Butchers mistakenly kill US couple's pet pigs

A pink pig looks off into the distance
Two pet pigs in Washington state were killed after a mobile butchering business went to the wrong address. [Getty Images]

A couple in Washington state say a mobile butchering company slaughtered their two pet pigs after mistaking their home for a different address.

The pigs Betty and Patty were shot in their pen while the couple were not at home, they told a local news channel.

"I'm just in disbelief and angry that somebody can come on my property and do that," owner Nathan Gray said.

Police tell BBC News that they took a report of the incident and have alerted the local prosecutor's office.

The couple, who live in the city of Port Orchard, told the station they returned home on 1 May to find their pets in the process of being butchered. Their home CCTV system alerted them to an unknown truck on their property.

Mr Gray told Seattle news station King-TV that one of his employees approached him and said: "These guys shot your pigs."

"I came around the corner, and both Patty and Betty were in the pen dead," said Natalie Gray.

"They were never meant to be slaughtered," she said. "They were meant to be pets."

Mr Gray said one of the butchers told him he thought they had visited the property before "and his GPS must have screwed up".

"They didn't even knock on the door," he added. "It's just insane."

The pigs, nicknamed "Fatty Patty" and "Big Betty" , enjoyed chasing their daughters and playing in the mud and were expected to live their entire lives at their Gray Acres Farm, the couple said.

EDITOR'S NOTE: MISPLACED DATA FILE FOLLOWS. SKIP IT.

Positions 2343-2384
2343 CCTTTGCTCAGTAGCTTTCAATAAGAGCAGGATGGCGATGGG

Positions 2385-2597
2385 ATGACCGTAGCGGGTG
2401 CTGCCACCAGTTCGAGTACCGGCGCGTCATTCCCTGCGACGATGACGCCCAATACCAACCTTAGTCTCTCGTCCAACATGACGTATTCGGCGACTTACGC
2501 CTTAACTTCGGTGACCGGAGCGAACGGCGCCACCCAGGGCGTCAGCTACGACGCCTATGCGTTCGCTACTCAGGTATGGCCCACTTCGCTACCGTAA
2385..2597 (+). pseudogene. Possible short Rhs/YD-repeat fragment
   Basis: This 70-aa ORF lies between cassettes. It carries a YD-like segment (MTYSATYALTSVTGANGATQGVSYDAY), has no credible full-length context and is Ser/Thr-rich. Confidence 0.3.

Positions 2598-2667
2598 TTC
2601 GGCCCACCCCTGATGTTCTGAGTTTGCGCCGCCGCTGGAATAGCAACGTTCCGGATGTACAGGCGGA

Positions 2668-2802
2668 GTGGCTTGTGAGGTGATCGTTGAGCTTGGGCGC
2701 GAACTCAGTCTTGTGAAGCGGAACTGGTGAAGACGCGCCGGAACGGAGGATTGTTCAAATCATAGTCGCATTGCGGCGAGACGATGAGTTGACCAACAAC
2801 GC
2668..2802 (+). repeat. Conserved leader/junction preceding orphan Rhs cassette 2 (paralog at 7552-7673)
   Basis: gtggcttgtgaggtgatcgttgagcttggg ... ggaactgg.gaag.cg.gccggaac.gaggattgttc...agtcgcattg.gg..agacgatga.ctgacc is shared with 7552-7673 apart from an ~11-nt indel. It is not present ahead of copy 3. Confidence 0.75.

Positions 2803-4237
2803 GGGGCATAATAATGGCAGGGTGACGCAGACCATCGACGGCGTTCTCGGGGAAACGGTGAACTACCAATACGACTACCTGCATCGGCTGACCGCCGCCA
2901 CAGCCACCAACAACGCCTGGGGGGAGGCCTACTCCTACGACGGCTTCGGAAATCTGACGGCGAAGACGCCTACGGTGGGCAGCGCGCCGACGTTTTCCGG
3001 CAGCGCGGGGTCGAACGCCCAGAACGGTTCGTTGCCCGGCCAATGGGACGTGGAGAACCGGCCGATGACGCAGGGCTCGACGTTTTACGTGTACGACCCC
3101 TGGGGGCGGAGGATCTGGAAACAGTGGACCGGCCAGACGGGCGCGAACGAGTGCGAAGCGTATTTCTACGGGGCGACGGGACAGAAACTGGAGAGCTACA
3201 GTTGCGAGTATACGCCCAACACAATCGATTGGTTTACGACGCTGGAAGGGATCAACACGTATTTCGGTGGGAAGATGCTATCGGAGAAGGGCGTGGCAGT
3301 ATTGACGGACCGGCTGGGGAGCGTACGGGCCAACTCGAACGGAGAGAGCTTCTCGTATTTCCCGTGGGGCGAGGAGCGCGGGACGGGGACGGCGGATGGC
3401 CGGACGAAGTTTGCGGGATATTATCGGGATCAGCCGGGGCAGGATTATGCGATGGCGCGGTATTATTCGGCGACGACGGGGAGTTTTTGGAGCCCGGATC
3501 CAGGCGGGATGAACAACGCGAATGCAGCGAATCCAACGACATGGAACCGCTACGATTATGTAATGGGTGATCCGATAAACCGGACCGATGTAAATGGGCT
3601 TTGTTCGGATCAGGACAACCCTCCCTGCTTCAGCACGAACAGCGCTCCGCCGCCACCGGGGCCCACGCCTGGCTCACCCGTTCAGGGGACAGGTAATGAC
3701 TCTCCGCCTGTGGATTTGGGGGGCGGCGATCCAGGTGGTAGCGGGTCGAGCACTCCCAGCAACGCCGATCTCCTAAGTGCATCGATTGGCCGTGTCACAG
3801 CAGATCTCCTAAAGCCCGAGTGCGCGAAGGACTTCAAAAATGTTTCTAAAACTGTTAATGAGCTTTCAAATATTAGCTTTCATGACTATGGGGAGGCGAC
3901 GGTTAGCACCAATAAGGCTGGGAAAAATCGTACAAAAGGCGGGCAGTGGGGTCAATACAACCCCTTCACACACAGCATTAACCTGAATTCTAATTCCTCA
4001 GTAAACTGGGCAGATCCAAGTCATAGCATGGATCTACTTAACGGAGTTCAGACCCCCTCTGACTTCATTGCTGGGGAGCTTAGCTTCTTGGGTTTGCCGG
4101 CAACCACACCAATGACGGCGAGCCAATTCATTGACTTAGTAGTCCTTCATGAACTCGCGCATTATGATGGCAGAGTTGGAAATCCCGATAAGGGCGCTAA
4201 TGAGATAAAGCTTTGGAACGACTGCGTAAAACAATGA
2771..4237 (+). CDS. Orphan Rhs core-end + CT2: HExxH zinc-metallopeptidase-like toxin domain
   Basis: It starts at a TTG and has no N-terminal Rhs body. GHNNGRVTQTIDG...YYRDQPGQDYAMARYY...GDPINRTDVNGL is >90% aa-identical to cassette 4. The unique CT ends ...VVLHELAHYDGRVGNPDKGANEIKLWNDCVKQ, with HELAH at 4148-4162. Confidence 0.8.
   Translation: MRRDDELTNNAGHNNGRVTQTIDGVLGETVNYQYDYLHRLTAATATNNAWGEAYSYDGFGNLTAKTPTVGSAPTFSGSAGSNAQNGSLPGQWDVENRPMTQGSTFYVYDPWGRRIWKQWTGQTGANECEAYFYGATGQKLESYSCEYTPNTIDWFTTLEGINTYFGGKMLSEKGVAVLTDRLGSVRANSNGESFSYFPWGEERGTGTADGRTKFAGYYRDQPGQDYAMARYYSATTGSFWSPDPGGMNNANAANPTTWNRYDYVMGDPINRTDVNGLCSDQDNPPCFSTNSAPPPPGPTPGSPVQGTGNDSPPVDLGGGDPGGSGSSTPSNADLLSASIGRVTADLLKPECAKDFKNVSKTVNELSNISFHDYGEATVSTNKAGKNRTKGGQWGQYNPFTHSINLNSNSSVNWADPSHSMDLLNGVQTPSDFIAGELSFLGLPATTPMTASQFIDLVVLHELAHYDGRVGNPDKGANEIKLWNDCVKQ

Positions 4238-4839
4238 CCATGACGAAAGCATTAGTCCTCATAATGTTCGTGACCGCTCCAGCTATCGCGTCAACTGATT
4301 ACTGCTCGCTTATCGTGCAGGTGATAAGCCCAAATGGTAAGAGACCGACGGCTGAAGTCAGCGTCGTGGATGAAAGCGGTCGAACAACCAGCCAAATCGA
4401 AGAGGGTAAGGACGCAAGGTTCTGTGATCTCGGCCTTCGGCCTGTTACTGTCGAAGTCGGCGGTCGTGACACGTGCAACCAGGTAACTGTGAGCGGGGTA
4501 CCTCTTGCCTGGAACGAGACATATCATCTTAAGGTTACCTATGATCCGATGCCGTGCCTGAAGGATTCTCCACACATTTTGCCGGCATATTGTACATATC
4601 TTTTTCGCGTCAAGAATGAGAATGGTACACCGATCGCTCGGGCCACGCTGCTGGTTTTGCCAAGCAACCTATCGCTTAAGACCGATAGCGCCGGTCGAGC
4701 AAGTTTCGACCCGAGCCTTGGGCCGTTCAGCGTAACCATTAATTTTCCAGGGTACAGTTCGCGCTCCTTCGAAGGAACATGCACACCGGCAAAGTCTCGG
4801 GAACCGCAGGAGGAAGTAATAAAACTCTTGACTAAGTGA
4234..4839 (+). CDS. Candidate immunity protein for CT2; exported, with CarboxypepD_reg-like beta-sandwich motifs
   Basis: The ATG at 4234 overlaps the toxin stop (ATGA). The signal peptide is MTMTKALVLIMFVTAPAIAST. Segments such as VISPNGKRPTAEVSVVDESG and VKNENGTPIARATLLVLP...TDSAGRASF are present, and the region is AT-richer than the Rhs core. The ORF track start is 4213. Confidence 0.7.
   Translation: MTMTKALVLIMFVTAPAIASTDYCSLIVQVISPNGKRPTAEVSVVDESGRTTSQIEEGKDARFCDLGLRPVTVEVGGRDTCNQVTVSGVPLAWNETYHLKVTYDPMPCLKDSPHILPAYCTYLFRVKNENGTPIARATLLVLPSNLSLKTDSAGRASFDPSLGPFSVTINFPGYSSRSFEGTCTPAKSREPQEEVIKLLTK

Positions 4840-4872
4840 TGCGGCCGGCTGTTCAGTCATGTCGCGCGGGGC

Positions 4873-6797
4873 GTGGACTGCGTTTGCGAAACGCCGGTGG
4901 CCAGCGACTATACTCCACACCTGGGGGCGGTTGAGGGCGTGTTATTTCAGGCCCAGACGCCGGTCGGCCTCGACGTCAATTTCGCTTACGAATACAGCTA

The Grays now want to ensure that this never happens again, and hope to change the laws that regulate mobile butchering.

"Bottom line is, if somebody is going to come on your property with a firearm and kill your animal, you should be home," Mr Gray said.

A spokesperson for the Washington State Department of Agriculture, which oversees butchering regulations, told King-TV that they were not aware of the allegation.

They said this is not something they would normally inspect.

"The issue doesn't sound like it was related to unsanitary practices, equipment issues, failure to affix ID tags, etc, which are things that we could cite a business for failing to comply with," the official said.

A lawyer for the couple, Adam Karp, told the station that "the law treats Betty and Patty no differently than if were they Golden Retrievers or Norwegian Forest Cats".

Despite being legally classified as "livestock", he said that it is a serious crime to intentionally cause injury to any animal without legal justification, and that the butcher may be civilly liable for the offense of theft of livestock.